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Correlation of serum antigen and antibody concentration with clinical features in HIV infection.
  1. M Ellaurie,
  2. A Rubinstein
  1. Albert Einstein College of Medicine, Department of Pediatrics, Bronx, New York.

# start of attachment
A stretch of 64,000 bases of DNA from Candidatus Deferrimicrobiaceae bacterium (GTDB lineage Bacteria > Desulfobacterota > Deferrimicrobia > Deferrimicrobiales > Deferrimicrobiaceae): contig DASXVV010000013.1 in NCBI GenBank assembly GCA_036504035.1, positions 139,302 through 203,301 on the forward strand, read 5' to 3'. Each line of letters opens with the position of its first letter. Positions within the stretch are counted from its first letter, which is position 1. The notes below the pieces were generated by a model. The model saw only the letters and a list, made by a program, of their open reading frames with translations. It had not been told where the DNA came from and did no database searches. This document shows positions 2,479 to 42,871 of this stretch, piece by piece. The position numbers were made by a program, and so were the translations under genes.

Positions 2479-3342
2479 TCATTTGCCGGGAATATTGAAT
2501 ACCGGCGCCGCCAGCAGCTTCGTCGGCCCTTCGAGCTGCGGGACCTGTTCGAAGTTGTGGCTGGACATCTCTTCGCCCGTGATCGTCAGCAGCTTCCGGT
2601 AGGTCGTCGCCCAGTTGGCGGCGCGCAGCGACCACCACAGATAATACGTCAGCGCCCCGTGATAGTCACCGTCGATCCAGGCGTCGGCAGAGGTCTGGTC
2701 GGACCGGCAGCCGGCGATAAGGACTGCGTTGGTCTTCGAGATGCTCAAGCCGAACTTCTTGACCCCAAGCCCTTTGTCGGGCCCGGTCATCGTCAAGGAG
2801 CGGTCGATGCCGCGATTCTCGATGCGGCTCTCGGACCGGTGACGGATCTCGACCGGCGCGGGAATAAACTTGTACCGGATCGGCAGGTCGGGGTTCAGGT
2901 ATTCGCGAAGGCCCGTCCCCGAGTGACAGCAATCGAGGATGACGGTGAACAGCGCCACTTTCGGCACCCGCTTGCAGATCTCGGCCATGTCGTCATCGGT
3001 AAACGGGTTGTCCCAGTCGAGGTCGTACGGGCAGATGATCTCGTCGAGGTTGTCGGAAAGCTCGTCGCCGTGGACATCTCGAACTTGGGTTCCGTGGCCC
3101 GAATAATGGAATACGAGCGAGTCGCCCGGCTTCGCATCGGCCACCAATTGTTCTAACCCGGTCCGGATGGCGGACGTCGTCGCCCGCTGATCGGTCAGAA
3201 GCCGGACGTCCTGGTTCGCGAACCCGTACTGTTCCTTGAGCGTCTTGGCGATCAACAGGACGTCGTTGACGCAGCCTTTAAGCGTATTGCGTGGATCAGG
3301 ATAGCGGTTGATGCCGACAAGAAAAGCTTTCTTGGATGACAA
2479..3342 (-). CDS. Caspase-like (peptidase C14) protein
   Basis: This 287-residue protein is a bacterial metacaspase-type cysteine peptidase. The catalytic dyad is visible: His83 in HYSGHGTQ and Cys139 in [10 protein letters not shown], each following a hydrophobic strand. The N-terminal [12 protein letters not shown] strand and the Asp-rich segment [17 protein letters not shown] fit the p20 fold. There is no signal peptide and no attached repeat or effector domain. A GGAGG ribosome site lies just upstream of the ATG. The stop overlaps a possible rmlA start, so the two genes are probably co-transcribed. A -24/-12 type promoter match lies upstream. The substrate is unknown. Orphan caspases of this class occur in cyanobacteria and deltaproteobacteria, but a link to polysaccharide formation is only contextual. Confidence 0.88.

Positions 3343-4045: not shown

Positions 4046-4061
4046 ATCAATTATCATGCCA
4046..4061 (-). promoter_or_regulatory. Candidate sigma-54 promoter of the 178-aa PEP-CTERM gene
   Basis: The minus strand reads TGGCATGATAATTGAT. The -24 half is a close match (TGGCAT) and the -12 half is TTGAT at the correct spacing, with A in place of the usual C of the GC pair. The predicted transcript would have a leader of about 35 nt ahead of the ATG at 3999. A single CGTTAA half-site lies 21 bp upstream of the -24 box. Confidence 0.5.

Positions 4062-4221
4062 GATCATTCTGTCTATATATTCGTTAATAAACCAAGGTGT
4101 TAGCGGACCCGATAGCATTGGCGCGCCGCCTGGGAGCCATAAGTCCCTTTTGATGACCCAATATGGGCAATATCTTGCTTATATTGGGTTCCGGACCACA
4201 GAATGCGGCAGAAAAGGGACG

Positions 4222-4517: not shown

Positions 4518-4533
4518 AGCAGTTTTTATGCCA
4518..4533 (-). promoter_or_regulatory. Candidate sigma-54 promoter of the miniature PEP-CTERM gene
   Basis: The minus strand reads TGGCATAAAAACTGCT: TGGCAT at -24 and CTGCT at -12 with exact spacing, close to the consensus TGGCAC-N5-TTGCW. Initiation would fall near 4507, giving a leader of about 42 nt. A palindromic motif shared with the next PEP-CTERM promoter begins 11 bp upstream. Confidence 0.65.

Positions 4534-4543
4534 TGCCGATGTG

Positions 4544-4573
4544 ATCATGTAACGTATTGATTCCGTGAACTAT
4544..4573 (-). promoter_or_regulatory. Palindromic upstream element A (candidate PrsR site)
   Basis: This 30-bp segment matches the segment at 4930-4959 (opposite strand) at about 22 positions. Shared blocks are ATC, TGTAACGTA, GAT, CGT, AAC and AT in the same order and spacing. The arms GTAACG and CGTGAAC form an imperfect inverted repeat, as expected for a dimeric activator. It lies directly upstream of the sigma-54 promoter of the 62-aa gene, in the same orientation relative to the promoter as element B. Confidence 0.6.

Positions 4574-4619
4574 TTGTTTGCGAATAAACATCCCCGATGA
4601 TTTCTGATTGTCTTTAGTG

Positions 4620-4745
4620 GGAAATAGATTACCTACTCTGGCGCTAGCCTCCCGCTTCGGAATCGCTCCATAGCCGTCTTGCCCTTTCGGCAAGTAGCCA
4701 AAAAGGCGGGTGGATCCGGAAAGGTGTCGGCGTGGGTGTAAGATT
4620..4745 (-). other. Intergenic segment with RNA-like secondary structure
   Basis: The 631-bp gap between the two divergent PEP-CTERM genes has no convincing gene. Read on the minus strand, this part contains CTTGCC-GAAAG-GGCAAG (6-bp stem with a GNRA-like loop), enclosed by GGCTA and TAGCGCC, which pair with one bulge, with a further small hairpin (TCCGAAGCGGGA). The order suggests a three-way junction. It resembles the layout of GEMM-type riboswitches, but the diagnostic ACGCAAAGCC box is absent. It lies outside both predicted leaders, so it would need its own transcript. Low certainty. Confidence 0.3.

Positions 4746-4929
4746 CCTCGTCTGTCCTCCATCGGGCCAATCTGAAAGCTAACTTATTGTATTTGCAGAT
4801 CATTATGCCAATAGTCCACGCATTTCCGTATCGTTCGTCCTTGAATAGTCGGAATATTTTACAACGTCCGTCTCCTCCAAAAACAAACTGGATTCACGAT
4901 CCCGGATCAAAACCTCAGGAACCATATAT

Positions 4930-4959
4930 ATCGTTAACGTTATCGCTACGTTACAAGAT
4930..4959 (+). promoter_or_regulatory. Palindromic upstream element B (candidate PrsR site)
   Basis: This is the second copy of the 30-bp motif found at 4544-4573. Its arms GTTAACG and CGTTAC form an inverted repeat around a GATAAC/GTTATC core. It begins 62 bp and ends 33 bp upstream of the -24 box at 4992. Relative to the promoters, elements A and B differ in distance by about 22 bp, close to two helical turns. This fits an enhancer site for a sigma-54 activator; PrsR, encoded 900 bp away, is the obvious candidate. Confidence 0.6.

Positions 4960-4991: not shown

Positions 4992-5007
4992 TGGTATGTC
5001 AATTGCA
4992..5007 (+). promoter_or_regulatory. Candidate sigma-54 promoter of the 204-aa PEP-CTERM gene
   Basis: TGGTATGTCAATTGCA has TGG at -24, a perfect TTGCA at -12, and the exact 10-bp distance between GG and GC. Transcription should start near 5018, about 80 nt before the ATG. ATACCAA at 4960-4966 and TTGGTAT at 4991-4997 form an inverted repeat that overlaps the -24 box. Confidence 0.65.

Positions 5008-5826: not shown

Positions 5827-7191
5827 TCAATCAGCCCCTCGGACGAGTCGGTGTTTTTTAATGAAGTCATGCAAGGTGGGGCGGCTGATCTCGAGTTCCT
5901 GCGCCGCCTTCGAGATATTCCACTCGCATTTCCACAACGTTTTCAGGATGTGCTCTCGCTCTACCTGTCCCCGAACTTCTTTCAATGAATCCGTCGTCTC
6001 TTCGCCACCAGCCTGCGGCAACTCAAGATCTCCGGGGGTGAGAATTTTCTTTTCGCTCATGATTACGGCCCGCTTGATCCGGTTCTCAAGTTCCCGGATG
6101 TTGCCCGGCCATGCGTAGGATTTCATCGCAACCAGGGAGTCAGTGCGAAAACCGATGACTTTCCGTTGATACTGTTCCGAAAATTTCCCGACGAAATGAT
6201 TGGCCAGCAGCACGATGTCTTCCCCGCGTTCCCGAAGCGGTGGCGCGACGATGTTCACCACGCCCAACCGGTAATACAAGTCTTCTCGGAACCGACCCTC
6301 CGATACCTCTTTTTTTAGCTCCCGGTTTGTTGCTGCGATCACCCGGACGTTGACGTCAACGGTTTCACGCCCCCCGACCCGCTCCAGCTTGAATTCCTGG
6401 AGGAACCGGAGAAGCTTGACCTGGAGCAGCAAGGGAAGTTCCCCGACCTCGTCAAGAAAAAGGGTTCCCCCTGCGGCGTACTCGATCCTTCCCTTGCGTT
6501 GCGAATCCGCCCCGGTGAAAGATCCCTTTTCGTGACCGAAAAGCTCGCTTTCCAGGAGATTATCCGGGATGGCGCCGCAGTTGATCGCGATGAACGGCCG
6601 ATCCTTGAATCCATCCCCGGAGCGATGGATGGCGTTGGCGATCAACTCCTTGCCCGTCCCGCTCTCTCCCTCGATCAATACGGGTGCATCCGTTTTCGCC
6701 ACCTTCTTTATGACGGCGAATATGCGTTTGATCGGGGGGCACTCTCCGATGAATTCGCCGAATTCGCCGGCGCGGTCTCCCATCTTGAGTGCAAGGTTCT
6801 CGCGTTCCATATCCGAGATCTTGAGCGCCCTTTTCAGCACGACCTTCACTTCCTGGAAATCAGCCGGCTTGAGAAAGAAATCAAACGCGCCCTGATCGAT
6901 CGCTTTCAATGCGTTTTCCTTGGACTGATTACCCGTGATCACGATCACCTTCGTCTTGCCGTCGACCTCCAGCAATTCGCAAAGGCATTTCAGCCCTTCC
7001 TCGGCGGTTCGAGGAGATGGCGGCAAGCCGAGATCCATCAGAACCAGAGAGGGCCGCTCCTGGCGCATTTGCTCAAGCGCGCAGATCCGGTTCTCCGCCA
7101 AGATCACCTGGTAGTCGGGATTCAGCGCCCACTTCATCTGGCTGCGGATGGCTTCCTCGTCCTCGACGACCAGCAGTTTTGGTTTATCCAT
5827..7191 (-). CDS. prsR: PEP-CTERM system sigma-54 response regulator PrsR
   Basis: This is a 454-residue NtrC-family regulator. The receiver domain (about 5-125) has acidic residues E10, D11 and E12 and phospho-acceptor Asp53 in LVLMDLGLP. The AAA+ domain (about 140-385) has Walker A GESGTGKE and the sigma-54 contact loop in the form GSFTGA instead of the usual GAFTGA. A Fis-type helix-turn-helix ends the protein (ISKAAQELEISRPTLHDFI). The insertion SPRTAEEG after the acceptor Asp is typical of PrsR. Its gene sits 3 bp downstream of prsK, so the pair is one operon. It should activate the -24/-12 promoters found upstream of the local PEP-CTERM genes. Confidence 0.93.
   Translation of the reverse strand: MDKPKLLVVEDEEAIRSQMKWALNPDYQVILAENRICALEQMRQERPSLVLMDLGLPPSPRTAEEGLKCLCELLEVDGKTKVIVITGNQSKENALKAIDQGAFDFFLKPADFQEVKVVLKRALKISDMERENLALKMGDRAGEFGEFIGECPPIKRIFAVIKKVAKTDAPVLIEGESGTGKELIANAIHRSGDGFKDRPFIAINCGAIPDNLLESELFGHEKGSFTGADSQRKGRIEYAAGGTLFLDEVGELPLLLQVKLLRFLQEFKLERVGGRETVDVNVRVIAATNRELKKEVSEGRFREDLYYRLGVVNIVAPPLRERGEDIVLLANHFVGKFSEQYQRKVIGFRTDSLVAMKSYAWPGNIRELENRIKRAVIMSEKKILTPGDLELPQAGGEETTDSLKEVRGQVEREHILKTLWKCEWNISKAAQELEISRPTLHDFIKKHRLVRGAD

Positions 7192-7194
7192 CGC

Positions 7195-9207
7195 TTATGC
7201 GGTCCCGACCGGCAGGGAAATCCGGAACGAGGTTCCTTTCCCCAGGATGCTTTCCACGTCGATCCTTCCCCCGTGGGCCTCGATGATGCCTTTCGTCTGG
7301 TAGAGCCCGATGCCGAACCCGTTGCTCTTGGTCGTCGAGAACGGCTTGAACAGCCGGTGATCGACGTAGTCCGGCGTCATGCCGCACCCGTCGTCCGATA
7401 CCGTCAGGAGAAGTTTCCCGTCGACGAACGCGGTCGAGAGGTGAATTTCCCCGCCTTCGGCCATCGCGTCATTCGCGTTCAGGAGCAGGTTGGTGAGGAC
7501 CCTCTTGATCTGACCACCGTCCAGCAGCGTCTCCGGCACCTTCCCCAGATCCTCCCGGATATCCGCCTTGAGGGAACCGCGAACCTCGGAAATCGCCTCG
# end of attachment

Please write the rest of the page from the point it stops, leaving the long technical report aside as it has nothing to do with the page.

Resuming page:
Serum antigen and antibody values were studied in 164 infants and children infected perinatally with HIV. HIV antigens p17, p24, gp41, and gp120 were determined in sera by immunoblot and antigen capture assays. Lymphocyte blast transformation, serum immunoglobulins, and circulating immune complexes were also evaluated. Altogether 50 patients had HIV antigens measured: 31 (62%) patients had p17 antigen in the serum and 29 (58%) had p24 antigen present. In 19 (38%) and nine (18%) patients, respectively, gp120 and gp41 were detected. All four HIV antigens were detected in seven (14%) patients. There was a positive correlation between the concentration of each HIV sequential specimens were outcome. When sequential specimens were analysed, 120 (73%) patients had p24 antigen present. Patients with stage P2B and P2D (Centers for Disease Control classification) had the highest concentrations of p24 antigen with a mean of approximately 200 pg/ml. Altogether 70% of patients with a p24 antigen concentration of greater than 30 pg/ml eventually died or had severe clinical disease within six to 24 months. Infants under 15 months of age with a p24 antigen concentration as low as 5 pg/ml also did poorly. Increased immunoglobulins and decreases in mitogenic responses and absolute CD4+ lymphocyte counts were more prevalent in patients with raised p24 antigen. Raised concentrations of circulating immune complexes were seen in the symptomatic phase of the disease whereas in the terminal stage of the disease raised serum antigen and a decrease in circulating immune complexes and absolute CD4+ lymphocyte count were evident. Loss of p24 and/or p17 antibody as well as a decreasing ELISA optical density for HIV antibody also signalled progression of the disease.

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